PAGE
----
Most of the estimated 350,000 civilian employees furloughed by the Defense Department during the US government shutdown will be recalled to work, the Pentagon said Saturday.
Pentagon officials estimated that about 90 percent or more of civilian employees would be allowed to return to their jobs, and aimed to bring many back as soon as Monday.
"These people want to get back to work, and we want them back at work," Defense Department Comptroller Robert Hale told reporters in a conference call.
Pentagon lawyers concluded that a measure signed by President Barack Obama earlier in the week allows employees "whose responsibilities contribute to the morale, well-being, capabilities and readiness of service members" to be exempted from the shutdown.
The Pay Our Military Act provided that the 1.4 million active duty troops serving worldwide, including service members in Afghanistan, would still get paid.
"I expect us to be able to significantly reduce -- but not eliminate -- civilian furloughs under this process," Defense Secretary Chuck Hagel said about the latest move.
Hale said he expected to "bring most of them back, that no more than a few tens of thousands will remain on furlough and it may be substantially less than that."
Pentagon officials said they expect that inspectors dealing with defense contracts would be able to return to work.
The shutdown has had a significant impact on major defense contractors with huge contracts with the federal government.
Some of the companies, including Lockheed Martin, had announced plans to furlough thousands of workers.
Much of the Defense Department's civilian workforce is employed at bases across the country, and the military relies on them to keep equipment running and logistical networks humming.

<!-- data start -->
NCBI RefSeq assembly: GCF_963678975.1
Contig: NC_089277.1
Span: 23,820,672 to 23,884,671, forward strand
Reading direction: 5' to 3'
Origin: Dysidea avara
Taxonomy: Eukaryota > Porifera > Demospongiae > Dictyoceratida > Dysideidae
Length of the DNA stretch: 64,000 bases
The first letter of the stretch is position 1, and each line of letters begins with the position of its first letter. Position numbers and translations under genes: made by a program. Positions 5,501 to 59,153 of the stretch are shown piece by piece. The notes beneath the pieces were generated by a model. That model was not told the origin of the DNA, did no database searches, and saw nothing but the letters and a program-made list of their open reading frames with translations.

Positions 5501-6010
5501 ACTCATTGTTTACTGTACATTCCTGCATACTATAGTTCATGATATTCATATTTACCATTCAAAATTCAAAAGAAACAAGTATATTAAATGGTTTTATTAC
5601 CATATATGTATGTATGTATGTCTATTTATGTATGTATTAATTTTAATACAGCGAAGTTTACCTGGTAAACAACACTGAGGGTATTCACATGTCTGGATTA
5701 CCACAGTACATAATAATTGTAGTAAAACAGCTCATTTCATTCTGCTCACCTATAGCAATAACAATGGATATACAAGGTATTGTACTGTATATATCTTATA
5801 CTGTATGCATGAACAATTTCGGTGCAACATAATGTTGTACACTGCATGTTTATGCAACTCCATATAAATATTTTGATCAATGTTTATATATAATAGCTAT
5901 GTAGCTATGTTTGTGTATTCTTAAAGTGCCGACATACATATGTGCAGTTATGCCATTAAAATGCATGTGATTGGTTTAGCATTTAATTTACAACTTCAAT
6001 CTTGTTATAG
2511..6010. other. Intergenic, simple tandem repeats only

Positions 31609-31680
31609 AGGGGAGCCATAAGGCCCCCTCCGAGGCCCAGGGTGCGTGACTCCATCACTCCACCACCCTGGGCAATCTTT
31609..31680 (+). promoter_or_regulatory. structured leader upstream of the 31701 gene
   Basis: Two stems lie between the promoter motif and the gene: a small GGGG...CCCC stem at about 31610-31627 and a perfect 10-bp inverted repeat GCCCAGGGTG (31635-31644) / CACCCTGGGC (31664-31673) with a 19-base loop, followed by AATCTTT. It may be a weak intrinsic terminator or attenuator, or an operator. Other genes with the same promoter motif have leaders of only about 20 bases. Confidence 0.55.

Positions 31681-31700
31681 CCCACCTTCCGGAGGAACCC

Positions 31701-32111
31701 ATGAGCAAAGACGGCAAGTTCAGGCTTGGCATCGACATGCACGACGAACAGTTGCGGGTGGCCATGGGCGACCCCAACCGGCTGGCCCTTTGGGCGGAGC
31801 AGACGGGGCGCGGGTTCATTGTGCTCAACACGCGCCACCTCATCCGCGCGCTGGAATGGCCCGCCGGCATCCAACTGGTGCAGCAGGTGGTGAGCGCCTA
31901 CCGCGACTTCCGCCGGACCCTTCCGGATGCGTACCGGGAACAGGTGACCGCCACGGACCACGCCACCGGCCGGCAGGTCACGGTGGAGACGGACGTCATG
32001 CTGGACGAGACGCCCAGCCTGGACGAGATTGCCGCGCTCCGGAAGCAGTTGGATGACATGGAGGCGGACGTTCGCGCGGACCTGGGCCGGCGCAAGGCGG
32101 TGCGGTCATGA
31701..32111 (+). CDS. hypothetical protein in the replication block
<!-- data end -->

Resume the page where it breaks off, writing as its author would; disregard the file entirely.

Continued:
Officials had lowered the estimated number of furloughed civilian defense employees from 400,000 to 350,000.
The move to recall civilian workers came on the fifth day of a government shutdown caused by a budget impasse between the Republican-controlled House and the Democrat-held Senate.
The Defense Department accounts for roughly half of the 800,000 government workers sent home at the start of the shutdown.
"It's very good news," Republican Senator John Thune told AFP.
"I think that was what most of us intended when we moved that military pay bill, was that it applied not just to people who were directly members of the services but also people who were employed by them to carry out important functions and missions."
House Armed Services Committee Chairman Howard McKeon hailed the move as "welcome news."
"I am very pleased to see so many of our national security workforce will be able to return to work," he added in a statement.
"Congress gave the Executive Branch broad authority to keep our Armed Forces and dedicated defense civilians working throughout the government shutdown."
Earlier Saturday, the House unanimously approved a measure to pay furloughed government workers retroactively, in a another move to ease the pressure.
But there were no overt signs of negotiations to end the crisis, as leaders of both camps blamed each other.